Now more than ever we need to see a STRENGTHENING of democracy by widening participation and empowerment at the ballot box. The Conservative Party is undeniably to blame for the current mess, it need not and should not have offered to the public the pure oxygen this referendum presented – it was too much for most to handle. Having offered this Pandora’s Box to the people, the Government should have the conviction to see through this democratic reform. Amongst other things, I suggest the following:

    1. Introduction of PROPORTIONAL REPRESENTATION IN SOME FORM AT EVERY TIER OF GOVERNMENT . I suggest Single Transferable Vote. The AV plus referendum is not relevant to this debate, as this was still a majoritarian system and therefore highly disproportional. Last year’s general election was the most disproportionate result in British history. A recent survey found that 57 per cent of the public agree with the principle that “the number of seats a party gets should broadly reflect its proportion of the total votes cast” – compared to only 9 per cent who disagree.

    2. LOWERING OF THE VOTING AGE TO 16. The Scottish independence referendum showed once and for all that 16 and 17 year-olds are more than capable of taking important political decisions. The biggest tragedy of the EU referendum was that if only the young had voted in the same numbers as the old, the decision would have gone the other way. If young people are registered early and get into the habit of voting, we will see lasting improvements in turnout. If they vote early, they vote often!

    3. REBUILDING OF HOUSES OF PARLIAMENT. The current premises are not fit for purpose and are in any event in need of urgent refurbishment, to cost at the very least £4 bn. New premises, perhaps outside of London, would reflect the UK constitution in the 21st century, rather than the early 19th century, and the running costs of such a building could be much lower than those of the palace. A new building would be more inclusive and create an environment inviting cooperation rather than adversity. Perhaps this idea is slightly ahead of its time & we need to wait for the people of Scotland and perhaps Northern Ireland to go their own way first – they don’t deserve this pathetic shambles.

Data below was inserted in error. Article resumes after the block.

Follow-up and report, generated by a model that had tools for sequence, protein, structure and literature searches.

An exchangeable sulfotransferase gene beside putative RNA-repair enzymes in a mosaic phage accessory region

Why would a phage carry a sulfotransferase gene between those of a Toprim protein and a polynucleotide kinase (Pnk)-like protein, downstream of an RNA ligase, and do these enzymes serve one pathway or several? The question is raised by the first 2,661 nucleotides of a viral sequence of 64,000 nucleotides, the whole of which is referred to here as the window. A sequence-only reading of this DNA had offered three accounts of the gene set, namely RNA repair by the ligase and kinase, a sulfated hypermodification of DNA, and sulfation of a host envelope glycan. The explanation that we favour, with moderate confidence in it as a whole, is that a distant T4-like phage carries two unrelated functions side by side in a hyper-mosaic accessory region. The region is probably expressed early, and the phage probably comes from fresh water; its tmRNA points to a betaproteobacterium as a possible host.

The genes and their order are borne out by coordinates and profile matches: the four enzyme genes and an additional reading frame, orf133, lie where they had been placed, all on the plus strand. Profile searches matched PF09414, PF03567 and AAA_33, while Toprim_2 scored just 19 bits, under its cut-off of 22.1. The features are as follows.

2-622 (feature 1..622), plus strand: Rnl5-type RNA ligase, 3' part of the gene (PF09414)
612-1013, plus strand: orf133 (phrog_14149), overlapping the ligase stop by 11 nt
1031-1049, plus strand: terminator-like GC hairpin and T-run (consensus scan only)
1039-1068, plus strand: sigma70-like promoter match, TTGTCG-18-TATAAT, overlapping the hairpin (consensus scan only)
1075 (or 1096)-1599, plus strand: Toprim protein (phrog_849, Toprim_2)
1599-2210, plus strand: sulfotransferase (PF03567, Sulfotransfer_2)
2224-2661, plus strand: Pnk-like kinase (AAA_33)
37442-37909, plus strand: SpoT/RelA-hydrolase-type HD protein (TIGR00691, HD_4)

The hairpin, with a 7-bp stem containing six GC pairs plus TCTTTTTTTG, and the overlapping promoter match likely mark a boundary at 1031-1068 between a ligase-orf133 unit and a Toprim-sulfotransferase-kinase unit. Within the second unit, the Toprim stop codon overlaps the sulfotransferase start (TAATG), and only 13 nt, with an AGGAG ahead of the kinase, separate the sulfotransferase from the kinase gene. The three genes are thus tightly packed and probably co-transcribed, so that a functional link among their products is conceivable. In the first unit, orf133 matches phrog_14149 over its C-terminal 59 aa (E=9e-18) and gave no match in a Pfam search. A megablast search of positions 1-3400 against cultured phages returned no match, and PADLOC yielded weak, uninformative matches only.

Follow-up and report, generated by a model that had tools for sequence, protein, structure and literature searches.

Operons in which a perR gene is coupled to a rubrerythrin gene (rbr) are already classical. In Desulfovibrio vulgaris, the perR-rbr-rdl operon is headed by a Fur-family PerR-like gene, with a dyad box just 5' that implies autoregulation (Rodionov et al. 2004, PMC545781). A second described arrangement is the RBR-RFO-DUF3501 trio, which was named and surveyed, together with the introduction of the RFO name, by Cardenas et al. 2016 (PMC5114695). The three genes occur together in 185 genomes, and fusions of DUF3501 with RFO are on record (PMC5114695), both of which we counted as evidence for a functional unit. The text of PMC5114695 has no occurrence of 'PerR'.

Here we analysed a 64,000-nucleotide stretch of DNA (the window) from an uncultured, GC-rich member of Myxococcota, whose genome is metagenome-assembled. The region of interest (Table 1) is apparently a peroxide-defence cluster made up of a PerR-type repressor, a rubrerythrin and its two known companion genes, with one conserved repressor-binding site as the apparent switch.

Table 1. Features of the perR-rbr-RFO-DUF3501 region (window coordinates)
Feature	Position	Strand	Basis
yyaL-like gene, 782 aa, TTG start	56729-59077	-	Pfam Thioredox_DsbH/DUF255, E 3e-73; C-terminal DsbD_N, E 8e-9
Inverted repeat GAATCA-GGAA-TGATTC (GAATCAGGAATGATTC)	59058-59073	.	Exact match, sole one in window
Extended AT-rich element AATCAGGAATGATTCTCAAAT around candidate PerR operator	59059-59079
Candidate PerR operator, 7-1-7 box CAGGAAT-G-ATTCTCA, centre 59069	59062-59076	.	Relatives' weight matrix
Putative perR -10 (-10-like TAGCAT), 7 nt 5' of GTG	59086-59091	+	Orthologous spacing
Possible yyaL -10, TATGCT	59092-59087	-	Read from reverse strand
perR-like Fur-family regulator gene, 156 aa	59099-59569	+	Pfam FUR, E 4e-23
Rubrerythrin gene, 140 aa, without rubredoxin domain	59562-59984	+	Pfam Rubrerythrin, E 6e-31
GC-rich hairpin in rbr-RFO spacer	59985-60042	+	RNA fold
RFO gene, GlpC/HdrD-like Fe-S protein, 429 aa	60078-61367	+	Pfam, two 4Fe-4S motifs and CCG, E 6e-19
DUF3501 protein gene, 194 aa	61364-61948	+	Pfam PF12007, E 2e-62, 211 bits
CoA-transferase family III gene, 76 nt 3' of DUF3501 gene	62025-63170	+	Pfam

9. Well said Sandra. It’s about time all the ‘in’ campaigners stopped throwing their dummies out of their prams. Do they think so little of this once great nation that we can’t make it great once more? We are no longer shackled by the huge amount of money we have had to throw at a dysfunctional, greedy dictatorship, financing their cars, flash buildings and endless lavish dinners. We can trade with whom we like without having to jump through endless hoops and get the authorisation of 27 other countries. We can become GREAT Britian again.
    Do the ‘in’ campaigners really think we are so stupid we didn’t realise there would be a settling in time? The markets are already recovering.
    Are our young so without backbone that the need to have a nanny state to guide their lives!
    Yes, there is plenty to do but, we are where we are. So, let’s all get our big boy pants on and DO IT!

  10. My last comments about ESCC were censored so better luck this time.
    This is serious; the Unionist Part is in disarray and facing the exit of Scotland and Northern Ireland (people born in the whole of Ireland can apply for Irish citizenship) there is no plan and the official Opposition are struggling to stay united.
    I agree with all of Dominic’s comments and I would add a couple more. It is now clear the major backers of Brexit were maverick employers like Witherspoon’s, who sense freedom from tiresome obstacles to profit like holidays and maternity leave; hedge fund managers whose vision of London is an unregulated Dubai and multi national companies like Fox (Murdoch). If you think this is the stuff of conspiracy check that Independence Day film was released on Thursday polling day (very unusual); it’s theme is a nasty alien power overcome by the small guy. Secondly the Jon Oliver programme refuting most of Brexit’s claims was postponed until after the vote.
    I find it difficult to think of polite words for Leavers so I would suggest ‘gullible and cheated by liars’. (Is that OK Ed?)

  11. Big Boy Pants says Zena Brooker. As per Boris and Garage who’ve both run for the hills?
    Meanwhile today (Tuesday) the first banks are beginning to shut down property investment accounts.
    Jolly good omen for GREAT Britain….